While Notes on a Conditional Form is full of different sounds, one of the constants across the record remains Matty Healy’s creative, stimulating lyricism. He brings us deeper into his world than ever before in moments of sheer nakedness like that in the jazzy “Nothing Revealed / Everything Denied,” where philosophical musings on the endless search for purpose and place coalesce with cheeky takes on everyday banality.

“Nothing Revealed / Everything Denied” – The 1975



Whether stripped down to nothing or dressed up to the nines, The 1975 never fail to convey meaningful messages full of timeless heart, soul, and depth.

To sing the praises of all 22 songs would be to bore the reader with time they could be spending listening to the record themselves; considering how long it is, there’s not a moment to spare in getting going! Diving into too much detail would also be a disservice to this particular album experience itself: As full of meaning as their lyrics often are, The 1975’s fourth record is an individual journey through and through, and one that will differ person to person as we ingest and come away with our own interpretations, understandings, and meanings. Notes on a Conditional Form is truly the kind of album that needs not present any kind of guide or rubric; at this point in their career, The 1975 know their strengths, their goals, and most importantly of all, who they want to be. It’s no surprise that the record ends with a tribute to the band itself. When Matty Healy sings, “It was the best thing that ever happened” in “Guys,” he’s taking a long-awaited and well-deserved step out of the present, looking back at a nearly two-decade career that’s seen these four friends from Manchester skyrocket into one of the biggest bands of their time, and certainly one of the loudest voices of their generation.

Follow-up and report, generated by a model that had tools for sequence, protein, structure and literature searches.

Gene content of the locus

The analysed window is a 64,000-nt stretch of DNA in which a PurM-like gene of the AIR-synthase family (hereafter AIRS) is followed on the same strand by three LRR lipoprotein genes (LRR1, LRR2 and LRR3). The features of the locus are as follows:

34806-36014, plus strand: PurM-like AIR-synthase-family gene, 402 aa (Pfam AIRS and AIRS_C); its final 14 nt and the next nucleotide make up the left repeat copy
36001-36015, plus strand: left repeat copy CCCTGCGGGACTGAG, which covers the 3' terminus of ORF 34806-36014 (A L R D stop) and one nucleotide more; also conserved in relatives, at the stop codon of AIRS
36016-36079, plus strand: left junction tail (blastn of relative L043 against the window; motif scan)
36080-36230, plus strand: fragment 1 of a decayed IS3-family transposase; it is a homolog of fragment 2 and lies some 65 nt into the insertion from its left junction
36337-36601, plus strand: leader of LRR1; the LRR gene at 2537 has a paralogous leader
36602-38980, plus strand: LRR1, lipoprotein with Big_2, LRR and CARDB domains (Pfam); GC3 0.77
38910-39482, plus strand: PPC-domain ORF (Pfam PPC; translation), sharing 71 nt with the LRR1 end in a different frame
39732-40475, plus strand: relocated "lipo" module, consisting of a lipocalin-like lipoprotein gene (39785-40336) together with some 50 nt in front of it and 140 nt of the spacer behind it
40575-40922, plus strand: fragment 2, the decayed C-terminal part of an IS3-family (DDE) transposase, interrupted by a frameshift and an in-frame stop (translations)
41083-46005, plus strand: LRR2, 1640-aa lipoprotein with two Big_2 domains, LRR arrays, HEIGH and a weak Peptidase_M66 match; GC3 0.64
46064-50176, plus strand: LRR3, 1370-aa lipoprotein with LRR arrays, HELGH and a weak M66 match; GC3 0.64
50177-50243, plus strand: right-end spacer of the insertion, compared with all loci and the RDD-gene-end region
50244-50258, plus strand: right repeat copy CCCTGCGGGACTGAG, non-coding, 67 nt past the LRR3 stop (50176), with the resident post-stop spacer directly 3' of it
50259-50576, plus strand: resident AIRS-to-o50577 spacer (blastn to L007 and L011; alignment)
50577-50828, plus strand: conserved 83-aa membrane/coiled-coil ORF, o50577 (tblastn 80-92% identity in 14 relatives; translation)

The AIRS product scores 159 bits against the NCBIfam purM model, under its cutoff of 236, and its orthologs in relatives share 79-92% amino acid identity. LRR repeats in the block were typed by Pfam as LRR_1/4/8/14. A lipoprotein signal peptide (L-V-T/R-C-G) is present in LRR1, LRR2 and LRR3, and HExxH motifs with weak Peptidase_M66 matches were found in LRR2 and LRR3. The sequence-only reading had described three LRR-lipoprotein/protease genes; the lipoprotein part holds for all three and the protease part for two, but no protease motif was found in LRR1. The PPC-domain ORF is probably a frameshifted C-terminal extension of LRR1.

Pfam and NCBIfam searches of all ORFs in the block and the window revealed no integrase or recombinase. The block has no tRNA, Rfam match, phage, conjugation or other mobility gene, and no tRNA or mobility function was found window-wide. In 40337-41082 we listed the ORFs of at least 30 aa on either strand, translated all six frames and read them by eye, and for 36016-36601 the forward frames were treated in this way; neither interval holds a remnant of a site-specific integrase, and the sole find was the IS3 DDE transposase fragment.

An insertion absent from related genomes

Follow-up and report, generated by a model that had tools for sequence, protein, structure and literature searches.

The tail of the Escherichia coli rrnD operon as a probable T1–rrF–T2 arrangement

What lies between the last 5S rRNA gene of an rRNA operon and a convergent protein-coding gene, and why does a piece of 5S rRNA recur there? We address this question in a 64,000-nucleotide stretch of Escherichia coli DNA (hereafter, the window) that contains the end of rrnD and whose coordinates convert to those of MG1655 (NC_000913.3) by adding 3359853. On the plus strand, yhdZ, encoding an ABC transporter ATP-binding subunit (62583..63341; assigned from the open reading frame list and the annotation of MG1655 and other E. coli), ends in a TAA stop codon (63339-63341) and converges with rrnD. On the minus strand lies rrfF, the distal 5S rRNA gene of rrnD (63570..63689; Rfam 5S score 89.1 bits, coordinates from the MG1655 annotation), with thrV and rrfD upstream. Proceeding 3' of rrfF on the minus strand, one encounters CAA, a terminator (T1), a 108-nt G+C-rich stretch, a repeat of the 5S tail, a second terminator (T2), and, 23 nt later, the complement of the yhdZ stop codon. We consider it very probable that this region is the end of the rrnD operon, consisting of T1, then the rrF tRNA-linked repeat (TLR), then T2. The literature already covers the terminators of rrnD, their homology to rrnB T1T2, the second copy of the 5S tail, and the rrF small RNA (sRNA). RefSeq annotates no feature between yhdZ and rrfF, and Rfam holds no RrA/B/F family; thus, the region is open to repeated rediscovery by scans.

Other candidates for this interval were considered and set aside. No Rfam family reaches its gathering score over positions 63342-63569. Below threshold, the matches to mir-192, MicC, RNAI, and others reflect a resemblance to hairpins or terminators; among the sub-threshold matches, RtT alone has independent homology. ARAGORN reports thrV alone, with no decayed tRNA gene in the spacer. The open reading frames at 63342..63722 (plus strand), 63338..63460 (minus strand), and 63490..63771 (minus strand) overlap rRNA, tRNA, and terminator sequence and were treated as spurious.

I was missing the guys (I was missing the guys)
In my rented apartment
You would think I’d have realised
But I didn’t for quite sometime
Started wetting my eyes (Started wetting my eyes)
‘Cause I’m soft in that department
Right then I realised
You’re the love of my life
The moment that you took my hand
Was the best thing that ever happened, yeah